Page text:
Mathematical compact models play a key role in designing integrated circuits. They serve as a medium of information exchange between foundries and designers. A compact model, which is a set of long mathematical equations based on the physics of each transistor, is capable of reproducing the very complex transistor characteristics in an accurately, fast, and robust manner. This dissertation presents the latest research on compact models for advanced transistor technologies: FinFETs, Ultra-thin body SOIs (UTBSOIs), Gate-All-Around (GAA) FETs, and Negative Capacitance (NC) FETs.

Since traditional transistor scaling had reached limitations due short-channel effects and oxide tunneling, the introduction of FinFET and UTBSOIs in high-volume manufacturing at 20nm, 14nm and 10nm technology nodes had let the electronic industry to keep obtaining performance and density advantages in technology scaling. For smaller nodes such as 5nm, and 3nm, GAA FETs transistors are expected to replace traditional transistors. Production ready compact model for current and future FinFETs are presented in this thesis. The Unified Compact Model can model FinFETs with realistic fin shapes including rectangle, triangle, circle and any shape in between. A new quantum effects model will also be presented, it enables accurate modeling of III-V FinFETs. Shape agnostic short-channel effect model for aggressive LG scaling and body bias model for FinFETs on bulk substrates are also included in this work. This computationally efficient model is an ideal turn-key solution for simulation and design of future heterogeneous circuits.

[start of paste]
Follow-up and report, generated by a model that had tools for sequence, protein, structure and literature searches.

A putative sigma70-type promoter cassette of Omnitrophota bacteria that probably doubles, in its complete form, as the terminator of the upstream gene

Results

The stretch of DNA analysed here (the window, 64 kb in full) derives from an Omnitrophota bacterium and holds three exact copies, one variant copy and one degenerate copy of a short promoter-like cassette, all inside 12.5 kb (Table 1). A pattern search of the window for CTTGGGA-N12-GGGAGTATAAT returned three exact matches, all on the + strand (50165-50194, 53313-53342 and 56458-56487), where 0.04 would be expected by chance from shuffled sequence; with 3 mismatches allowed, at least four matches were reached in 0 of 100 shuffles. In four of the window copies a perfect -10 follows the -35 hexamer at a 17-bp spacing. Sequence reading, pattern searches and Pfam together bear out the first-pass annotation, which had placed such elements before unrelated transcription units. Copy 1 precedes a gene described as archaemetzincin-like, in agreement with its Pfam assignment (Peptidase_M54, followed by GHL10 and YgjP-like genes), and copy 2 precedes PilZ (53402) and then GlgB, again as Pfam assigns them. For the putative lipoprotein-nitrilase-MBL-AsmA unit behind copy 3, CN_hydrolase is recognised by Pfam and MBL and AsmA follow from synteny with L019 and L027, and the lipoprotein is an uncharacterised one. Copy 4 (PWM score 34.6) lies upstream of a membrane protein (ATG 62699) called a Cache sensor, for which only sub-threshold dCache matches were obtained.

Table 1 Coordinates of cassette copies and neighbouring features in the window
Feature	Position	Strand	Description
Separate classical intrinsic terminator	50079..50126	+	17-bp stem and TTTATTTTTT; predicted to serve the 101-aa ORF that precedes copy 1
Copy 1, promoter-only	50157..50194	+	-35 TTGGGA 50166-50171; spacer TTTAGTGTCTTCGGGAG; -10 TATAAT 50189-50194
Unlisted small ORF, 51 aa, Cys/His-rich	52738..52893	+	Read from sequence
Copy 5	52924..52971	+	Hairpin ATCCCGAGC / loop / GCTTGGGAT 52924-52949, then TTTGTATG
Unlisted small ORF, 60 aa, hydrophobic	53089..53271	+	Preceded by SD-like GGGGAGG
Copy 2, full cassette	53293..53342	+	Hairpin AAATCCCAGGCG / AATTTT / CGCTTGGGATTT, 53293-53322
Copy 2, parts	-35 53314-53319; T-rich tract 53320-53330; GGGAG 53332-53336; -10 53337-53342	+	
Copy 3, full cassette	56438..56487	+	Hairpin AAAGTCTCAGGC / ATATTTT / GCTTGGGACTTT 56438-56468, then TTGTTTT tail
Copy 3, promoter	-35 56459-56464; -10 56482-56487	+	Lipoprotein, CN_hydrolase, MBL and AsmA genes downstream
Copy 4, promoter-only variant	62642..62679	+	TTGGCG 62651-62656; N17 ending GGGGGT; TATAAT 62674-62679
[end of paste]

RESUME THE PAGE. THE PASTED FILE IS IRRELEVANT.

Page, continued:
For extremely scaled technologies, NC-FETs are quickly emerging as preferred candidates for digital and analog applications. The recent discovery of ferroelectric (FE) materials using conventional CMOS fabrication technology has led to the first demonstrations of FE based NC-FETs. The ferroelectric material layer added over the transistor gate insulator help in several device aspects, it suppress short-channel effects, increase on-current due voltage amplification, increase output resistance in short-channel devices, etc. These exciting characteristics has created an urgency for analysis and understanding of device operation and circuit performance, where numerical simulation and compact models are playing a key role.

This thesis gives insights into the device physics and behavior of FE based negative capacitance FinFETs (NC-FinFETs) by presenting numerical simulations, compact models, and circuit evaluation of these devices. NC-FinFETs may have a floating metal between FE and the dielectric layers, where a lumped charge model represents such a device. For a NC-FinFET without a floating metal, the distributed charge model should be used, and at each point in the channel the FE layer will impact the local channel charge. This distributed effect has important implications on device characteristics. These device differences are explained using numerical simulation and correctly captured by the proposed compact models. The presented compact models have been implemented in commercial circuit simulators for exploring circuits based on NC-FinFET technology. Circuit simulations show that a quasi-adiabatic mechanism of the ferroelectric layer in the NC-FinFET recovers part of the energy during the switching process of transistors, helping to minimize the energy losses of the wasteful energy dissipation nature of conventional transistor circuits. As circuit load capacitances further increase, VDD scaling becomes more dominant on energy reduction of NC-FinFET based circuits.




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